U.S.-based XO Communications is expanding its services to Canada, hoping to capture some of the business market with a range of telecommunications services due to its extended fibre network in Toronto.
XO Communications made the announcement on Tuesday, citing the “growing demands” of its customer base as rationale to its Canadian move. With enterprise and wholesale customers seeking out more global connectivity, bridging the gap into Canadian markets was really only a matter of time.
The arrival of XO Communications will also give the small-to-medium business market in Canada another slice of competition.
“As the largest network hub in Canada and a major hub in North America, Toronto is a key business centre for the finance, high-tech, media and telecommunications industries,” said Don MacNeil, XO’s chief marketing officer. “Our expansion into Canada will enable XO to provide high-capacity network services to better serve businesses like these on both sides of the border, whether they need connectivity in Toronto or high-speed access to markets in the U.S.”
XO Communications will be offering high speed network services to business clientèle, using the Denver-based Cologix as a partner in the arrangement. Cologix connects to more than 150 telecommunications companies and is a “network neutral” interconnection and colocation company providing services from Dallas to Vancouver and Toronto.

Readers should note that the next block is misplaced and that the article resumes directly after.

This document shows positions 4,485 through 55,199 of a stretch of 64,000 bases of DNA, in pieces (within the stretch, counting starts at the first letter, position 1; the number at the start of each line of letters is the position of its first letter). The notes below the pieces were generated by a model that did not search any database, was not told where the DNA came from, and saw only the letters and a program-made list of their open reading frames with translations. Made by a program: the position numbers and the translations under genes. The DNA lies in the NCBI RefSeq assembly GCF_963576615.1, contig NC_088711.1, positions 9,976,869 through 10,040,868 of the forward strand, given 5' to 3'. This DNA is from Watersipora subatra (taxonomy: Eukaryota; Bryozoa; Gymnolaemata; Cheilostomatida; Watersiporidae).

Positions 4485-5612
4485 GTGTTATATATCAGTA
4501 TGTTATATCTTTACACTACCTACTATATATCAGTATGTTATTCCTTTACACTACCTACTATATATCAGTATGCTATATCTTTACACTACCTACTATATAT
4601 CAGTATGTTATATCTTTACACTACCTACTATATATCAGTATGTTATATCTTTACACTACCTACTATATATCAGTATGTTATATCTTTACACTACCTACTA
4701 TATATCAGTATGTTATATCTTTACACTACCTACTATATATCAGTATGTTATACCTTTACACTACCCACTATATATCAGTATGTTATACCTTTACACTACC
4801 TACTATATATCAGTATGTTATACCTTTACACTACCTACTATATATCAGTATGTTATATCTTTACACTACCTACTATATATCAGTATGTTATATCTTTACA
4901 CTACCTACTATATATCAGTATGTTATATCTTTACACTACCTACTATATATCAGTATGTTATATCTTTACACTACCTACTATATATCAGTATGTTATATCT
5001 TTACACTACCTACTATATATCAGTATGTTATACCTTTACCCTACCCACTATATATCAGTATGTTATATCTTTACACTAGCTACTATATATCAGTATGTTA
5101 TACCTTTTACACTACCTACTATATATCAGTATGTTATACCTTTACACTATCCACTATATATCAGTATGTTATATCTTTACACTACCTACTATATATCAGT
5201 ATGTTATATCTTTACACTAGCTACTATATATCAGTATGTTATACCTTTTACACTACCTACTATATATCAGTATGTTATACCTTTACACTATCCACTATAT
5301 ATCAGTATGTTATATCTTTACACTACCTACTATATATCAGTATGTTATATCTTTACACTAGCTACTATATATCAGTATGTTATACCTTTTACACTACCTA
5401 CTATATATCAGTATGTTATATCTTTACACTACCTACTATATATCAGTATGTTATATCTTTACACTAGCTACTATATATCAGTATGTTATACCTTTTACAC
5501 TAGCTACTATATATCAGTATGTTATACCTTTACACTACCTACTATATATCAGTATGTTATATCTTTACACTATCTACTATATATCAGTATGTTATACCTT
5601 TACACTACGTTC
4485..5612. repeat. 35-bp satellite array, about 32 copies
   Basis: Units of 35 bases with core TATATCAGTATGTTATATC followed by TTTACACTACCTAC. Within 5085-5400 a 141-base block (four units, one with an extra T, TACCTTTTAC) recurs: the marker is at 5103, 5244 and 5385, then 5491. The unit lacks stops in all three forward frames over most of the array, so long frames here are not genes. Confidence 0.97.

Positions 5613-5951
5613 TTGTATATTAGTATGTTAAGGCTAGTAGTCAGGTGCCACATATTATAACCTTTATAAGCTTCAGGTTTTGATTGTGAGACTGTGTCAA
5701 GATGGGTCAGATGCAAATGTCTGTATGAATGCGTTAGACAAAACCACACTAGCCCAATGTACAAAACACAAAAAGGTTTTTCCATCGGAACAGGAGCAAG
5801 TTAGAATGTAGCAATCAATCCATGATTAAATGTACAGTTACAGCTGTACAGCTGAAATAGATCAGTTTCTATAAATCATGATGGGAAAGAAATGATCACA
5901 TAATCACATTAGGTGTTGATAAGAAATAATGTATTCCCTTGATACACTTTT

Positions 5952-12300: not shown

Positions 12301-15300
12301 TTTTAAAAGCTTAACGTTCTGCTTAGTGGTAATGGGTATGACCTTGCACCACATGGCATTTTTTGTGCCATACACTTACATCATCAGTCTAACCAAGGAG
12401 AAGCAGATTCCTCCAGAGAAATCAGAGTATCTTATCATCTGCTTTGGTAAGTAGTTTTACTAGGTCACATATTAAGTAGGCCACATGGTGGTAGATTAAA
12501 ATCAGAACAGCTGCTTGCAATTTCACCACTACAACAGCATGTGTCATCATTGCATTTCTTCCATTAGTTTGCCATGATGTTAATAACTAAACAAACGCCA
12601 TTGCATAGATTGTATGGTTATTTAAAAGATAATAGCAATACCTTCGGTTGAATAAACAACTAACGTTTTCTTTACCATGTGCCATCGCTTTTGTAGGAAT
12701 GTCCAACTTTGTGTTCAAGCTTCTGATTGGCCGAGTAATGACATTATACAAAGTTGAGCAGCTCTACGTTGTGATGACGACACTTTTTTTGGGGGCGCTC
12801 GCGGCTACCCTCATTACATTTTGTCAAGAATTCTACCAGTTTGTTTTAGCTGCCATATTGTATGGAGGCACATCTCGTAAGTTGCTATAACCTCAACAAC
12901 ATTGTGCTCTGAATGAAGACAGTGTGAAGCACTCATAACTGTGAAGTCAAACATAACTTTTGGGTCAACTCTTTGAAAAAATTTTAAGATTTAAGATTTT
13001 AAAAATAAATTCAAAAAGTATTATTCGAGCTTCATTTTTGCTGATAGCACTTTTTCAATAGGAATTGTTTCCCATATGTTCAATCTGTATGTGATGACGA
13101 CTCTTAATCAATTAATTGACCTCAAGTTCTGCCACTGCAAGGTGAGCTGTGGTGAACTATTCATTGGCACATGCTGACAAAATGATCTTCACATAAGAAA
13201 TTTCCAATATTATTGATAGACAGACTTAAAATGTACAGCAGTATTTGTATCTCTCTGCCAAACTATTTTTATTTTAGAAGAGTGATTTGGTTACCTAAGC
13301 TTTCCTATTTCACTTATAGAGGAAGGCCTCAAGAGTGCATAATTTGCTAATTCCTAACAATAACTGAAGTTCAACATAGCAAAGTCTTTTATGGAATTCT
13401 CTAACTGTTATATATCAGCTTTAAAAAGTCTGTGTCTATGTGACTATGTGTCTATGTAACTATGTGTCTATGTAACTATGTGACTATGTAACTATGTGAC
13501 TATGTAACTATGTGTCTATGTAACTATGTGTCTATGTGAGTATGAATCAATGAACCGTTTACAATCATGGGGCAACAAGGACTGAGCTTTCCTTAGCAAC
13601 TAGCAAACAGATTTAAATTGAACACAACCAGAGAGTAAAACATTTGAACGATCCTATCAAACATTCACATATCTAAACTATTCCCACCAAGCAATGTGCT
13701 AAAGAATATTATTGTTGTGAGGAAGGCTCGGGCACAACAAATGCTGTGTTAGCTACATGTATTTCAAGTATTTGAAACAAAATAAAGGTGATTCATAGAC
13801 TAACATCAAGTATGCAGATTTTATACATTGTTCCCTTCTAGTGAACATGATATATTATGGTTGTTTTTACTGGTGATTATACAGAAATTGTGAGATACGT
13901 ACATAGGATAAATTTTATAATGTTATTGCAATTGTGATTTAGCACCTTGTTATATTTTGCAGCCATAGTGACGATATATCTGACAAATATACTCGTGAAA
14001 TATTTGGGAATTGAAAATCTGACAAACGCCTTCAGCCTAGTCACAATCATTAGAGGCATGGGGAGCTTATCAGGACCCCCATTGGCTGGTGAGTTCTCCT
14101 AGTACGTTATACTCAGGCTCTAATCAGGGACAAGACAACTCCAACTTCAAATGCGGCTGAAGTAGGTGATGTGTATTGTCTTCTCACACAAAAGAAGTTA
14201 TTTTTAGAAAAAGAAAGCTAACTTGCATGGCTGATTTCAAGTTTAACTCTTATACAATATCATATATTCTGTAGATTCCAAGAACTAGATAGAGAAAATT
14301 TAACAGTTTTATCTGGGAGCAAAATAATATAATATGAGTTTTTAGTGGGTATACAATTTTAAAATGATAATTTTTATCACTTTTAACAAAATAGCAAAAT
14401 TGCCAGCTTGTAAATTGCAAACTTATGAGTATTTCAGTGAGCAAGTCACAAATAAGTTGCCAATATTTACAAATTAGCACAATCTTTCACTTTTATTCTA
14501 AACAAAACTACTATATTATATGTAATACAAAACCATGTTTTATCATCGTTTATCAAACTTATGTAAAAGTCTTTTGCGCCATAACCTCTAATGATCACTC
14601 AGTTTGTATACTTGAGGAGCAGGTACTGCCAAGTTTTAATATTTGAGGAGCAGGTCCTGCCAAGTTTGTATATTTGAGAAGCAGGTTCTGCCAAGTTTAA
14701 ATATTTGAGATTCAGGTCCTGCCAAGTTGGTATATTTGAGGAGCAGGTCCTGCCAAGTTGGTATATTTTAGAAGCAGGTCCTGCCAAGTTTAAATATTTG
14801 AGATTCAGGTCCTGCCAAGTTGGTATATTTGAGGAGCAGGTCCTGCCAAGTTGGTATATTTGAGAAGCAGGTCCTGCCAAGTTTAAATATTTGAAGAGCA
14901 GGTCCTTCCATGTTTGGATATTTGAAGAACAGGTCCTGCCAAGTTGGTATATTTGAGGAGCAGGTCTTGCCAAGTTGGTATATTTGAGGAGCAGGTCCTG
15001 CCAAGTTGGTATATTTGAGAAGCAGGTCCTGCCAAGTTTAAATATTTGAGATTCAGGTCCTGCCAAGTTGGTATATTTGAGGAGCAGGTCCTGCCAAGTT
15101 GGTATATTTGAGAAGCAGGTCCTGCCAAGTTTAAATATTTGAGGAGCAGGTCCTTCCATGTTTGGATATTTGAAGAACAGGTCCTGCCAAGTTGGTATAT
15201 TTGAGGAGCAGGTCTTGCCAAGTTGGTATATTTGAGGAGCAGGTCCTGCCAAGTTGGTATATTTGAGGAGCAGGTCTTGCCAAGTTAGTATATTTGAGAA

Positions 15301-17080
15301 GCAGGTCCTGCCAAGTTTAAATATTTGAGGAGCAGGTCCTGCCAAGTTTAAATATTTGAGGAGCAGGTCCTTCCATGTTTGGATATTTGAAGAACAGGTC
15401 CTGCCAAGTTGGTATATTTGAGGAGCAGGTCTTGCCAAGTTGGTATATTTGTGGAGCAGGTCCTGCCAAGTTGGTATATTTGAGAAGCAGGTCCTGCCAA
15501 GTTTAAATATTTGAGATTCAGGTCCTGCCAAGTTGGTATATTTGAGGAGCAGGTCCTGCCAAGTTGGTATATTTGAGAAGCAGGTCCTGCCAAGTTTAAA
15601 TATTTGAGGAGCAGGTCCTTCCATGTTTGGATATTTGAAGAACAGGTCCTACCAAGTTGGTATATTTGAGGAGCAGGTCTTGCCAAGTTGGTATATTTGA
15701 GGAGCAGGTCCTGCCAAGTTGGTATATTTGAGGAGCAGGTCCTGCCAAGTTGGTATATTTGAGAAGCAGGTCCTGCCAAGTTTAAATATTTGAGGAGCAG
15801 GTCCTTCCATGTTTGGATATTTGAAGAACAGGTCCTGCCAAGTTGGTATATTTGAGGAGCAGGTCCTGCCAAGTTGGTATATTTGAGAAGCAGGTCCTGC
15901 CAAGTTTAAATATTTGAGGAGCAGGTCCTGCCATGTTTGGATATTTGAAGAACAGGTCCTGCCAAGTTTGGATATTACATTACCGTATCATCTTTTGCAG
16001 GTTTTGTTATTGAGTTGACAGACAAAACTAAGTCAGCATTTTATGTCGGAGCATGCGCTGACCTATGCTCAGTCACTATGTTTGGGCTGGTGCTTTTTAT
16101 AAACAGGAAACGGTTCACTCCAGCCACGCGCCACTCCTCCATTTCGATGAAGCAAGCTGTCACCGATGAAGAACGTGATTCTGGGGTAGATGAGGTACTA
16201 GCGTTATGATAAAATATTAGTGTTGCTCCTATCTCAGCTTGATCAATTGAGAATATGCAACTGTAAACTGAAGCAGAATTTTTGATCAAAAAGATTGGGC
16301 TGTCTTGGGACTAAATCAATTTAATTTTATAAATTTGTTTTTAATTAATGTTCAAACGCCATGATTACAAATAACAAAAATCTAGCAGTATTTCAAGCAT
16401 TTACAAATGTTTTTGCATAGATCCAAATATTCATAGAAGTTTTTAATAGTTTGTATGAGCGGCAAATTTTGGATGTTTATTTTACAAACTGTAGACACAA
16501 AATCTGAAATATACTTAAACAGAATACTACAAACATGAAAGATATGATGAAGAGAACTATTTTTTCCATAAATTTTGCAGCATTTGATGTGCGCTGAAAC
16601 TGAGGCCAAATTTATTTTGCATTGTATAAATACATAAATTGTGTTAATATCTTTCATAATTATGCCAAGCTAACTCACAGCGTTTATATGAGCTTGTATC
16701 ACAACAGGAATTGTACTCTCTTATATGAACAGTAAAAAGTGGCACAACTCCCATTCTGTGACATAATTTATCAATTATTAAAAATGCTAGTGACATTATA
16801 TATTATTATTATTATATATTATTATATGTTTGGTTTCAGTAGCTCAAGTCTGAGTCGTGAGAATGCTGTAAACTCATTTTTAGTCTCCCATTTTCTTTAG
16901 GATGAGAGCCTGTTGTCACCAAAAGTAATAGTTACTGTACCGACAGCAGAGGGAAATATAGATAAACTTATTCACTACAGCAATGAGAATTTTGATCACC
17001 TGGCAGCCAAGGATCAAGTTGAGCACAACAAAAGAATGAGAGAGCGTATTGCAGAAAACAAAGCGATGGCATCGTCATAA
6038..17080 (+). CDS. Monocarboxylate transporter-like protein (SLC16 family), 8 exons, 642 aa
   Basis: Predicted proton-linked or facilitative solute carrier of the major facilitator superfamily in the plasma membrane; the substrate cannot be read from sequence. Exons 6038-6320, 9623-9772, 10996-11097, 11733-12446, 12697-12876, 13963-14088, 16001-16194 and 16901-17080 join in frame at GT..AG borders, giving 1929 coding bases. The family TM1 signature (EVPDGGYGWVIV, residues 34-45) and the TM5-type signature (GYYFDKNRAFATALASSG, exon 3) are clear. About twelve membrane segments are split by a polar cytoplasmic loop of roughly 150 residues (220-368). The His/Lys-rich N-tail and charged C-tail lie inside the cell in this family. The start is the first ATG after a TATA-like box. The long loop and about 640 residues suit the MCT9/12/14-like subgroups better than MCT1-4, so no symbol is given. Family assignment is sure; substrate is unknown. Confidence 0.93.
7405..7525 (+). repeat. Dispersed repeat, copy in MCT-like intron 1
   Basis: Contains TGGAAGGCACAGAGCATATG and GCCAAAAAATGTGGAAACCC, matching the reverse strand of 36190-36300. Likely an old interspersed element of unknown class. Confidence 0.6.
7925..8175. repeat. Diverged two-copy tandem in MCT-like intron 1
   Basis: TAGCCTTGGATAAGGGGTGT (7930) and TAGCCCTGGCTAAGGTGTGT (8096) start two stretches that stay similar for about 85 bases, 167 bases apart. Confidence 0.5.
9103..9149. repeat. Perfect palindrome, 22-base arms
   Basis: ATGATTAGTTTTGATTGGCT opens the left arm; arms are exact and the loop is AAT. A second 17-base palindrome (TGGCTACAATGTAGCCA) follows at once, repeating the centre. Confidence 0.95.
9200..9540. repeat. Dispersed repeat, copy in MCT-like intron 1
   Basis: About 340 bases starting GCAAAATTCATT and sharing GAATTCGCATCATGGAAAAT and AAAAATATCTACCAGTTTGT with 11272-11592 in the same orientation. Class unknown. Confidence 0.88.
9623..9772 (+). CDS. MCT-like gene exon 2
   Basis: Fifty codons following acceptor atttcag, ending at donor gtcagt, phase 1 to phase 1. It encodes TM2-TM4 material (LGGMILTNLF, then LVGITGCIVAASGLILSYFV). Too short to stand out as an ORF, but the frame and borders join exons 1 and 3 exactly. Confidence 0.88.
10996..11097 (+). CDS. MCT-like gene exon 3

Cologix’s Toronto facility provides support for over 150 customers in Toronto’s carrier hotel facility. They boast over 30,000 square feet of storage and support with seven data centres in the building that directly connect to the Toronto Internet Exchange.
“We are thrilled that XO Communications has chosen our 151 Front Street data centre to leverage their expansion into Toronto,” said Sean Maskell, president of Cologix Canada. “We are committed to enable XO to reach new customers, sustain their growth goals and provide them with robust connectivity, all backed with unparalleled local customer support and flexibility to meet their growth requirements.”
XO Communications’ expansion into Canada typifies the ground many companies are trying to make in the small to medium business sectors. China Unicom opened up an office in T-Dot last month to provide support for telecommunications companies looking to expand connectivity to China, while some Canadian companies have been making strategic purchases to pad their rosters. Rogers, for instance, snagged both Blink and Atria in a bid to expand their capabilities in the sector.